It’s a simple concept—follow patients at high risk for treatment-induced toxicity, implement early interventions, and see what happens. Researchers from the University of Michigan in Ann Arbor evaluated two groups of patients with head and neck cancer receiving concurrent chemotherapy and radiation therapy. The first group of 50 patients received standard treatment (historical control) while the second group of 51 patients were followed by a group of nurse practitioners (NPs).
Patients who attended the NP clinic met weekly with an NP and the supportive care team beginning at the second week of treatment and ending 1-2 weeks after treatment was completed. The visits included a physical assessment, psychosocial assessment, and CBC and electrolytes monitoring, along with patient education about self-care measures.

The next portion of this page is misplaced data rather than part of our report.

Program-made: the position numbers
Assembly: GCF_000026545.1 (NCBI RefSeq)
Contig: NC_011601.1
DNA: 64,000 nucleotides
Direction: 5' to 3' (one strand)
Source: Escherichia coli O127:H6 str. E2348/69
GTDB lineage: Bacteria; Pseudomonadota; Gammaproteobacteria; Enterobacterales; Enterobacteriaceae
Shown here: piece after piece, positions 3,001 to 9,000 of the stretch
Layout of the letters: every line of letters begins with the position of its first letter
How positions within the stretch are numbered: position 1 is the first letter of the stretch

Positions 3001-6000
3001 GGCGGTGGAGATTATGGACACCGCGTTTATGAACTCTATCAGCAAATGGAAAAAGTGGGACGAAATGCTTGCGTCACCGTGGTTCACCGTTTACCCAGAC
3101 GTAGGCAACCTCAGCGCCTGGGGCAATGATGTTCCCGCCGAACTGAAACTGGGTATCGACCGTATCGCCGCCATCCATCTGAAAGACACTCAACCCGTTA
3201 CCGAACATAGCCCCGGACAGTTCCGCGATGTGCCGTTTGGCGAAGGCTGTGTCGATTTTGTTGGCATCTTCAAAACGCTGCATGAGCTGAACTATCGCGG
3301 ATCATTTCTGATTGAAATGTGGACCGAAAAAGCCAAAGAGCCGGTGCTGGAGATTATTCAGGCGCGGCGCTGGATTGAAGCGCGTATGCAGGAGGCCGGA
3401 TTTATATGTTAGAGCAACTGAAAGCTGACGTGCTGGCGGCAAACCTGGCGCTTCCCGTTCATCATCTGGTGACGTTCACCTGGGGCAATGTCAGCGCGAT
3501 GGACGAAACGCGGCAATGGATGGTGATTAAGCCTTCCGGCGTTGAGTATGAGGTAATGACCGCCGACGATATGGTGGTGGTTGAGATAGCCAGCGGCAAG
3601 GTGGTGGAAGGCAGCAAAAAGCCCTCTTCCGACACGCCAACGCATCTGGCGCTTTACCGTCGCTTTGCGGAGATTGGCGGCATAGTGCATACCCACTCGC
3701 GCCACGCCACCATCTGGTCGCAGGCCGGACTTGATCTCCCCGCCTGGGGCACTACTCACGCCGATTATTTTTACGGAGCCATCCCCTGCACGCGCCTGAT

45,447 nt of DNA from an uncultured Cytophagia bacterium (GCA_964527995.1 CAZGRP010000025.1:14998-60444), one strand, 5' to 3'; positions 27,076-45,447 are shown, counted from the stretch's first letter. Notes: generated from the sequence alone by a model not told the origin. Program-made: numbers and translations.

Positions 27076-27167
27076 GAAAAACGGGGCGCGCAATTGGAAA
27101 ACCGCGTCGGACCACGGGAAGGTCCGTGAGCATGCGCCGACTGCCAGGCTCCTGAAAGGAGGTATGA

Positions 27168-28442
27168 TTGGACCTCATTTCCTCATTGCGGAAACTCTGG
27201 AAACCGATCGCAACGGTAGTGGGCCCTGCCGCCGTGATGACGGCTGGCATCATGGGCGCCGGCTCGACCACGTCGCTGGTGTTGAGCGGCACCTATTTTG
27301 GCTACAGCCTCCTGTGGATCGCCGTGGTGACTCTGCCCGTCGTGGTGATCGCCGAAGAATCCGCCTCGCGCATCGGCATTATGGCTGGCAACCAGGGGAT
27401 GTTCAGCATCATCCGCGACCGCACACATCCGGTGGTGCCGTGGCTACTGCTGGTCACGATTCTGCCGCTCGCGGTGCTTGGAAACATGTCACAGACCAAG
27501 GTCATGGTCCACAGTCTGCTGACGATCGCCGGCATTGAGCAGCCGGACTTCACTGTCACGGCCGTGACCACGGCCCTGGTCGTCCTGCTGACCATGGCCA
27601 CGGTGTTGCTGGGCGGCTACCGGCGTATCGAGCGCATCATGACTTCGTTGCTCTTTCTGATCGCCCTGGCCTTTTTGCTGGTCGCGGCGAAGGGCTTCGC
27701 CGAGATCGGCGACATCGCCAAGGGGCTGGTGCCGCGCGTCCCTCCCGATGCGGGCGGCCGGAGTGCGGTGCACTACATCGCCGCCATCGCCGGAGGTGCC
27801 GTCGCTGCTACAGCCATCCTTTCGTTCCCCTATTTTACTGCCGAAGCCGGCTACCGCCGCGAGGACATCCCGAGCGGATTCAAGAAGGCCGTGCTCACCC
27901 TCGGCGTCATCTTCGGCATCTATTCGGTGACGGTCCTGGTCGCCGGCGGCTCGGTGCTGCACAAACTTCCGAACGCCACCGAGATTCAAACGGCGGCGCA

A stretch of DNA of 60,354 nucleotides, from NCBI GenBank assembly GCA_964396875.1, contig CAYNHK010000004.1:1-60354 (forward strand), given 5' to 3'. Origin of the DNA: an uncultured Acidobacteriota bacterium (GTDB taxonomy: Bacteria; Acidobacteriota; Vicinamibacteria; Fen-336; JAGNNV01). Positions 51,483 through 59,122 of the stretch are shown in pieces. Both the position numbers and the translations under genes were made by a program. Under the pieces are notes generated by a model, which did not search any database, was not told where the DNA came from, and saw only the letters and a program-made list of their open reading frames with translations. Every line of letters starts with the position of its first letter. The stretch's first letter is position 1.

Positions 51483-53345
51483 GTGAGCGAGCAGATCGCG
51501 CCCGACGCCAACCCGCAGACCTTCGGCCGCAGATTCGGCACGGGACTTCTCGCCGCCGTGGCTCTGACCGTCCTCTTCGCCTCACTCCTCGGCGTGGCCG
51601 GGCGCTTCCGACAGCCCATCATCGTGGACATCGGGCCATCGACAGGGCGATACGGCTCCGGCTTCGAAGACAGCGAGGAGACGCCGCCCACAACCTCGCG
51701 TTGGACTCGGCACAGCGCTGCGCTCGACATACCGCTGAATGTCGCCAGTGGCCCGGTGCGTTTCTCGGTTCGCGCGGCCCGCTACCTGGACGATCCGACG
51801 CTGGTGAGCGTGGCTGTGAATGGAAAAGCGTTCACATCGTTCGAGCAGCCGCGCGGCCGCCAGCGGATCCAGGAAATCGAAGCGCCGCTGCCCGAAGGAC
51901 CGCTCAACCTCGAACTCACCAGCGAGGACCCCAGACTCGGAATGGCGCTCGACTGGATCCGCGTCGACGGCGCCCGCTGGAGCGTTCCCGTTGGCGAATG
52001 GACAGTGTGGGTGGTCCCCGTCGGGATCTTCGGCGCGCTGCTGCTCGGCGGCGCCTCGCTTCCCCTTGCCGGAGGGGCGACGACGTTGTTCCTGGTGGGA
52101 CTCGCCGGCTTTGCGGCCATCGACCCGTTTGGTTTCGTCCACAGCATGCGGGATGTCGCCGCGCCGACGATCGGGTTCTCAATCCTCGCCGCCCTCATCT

Patients receiving standard care were more likely to be hospitalized during treatment (28% versus 12% in the NP group) and were more likely to require reductions in chemotherapy dosing (48% versus 6%). Only 46% of the patients in the standard practice group received the full schedule of chemotherapy, compared with 90% of patients in the NP group. These data are impressive, and support the role of early intervention and NPs in providing oncology care to patients at high risk for treatment-induced toxicity.
Mason H, DeRubeis MB, Foster JC, et al Outcomes evaluation of a weekly nurse practitioner-managed symptom management clinic for patients with head and neck cancer treated with chemoradiotherapy. Oncology Nursing Forum 2013; published online in advance of print. DOI: 10.1188/13.ONF.40-06AP.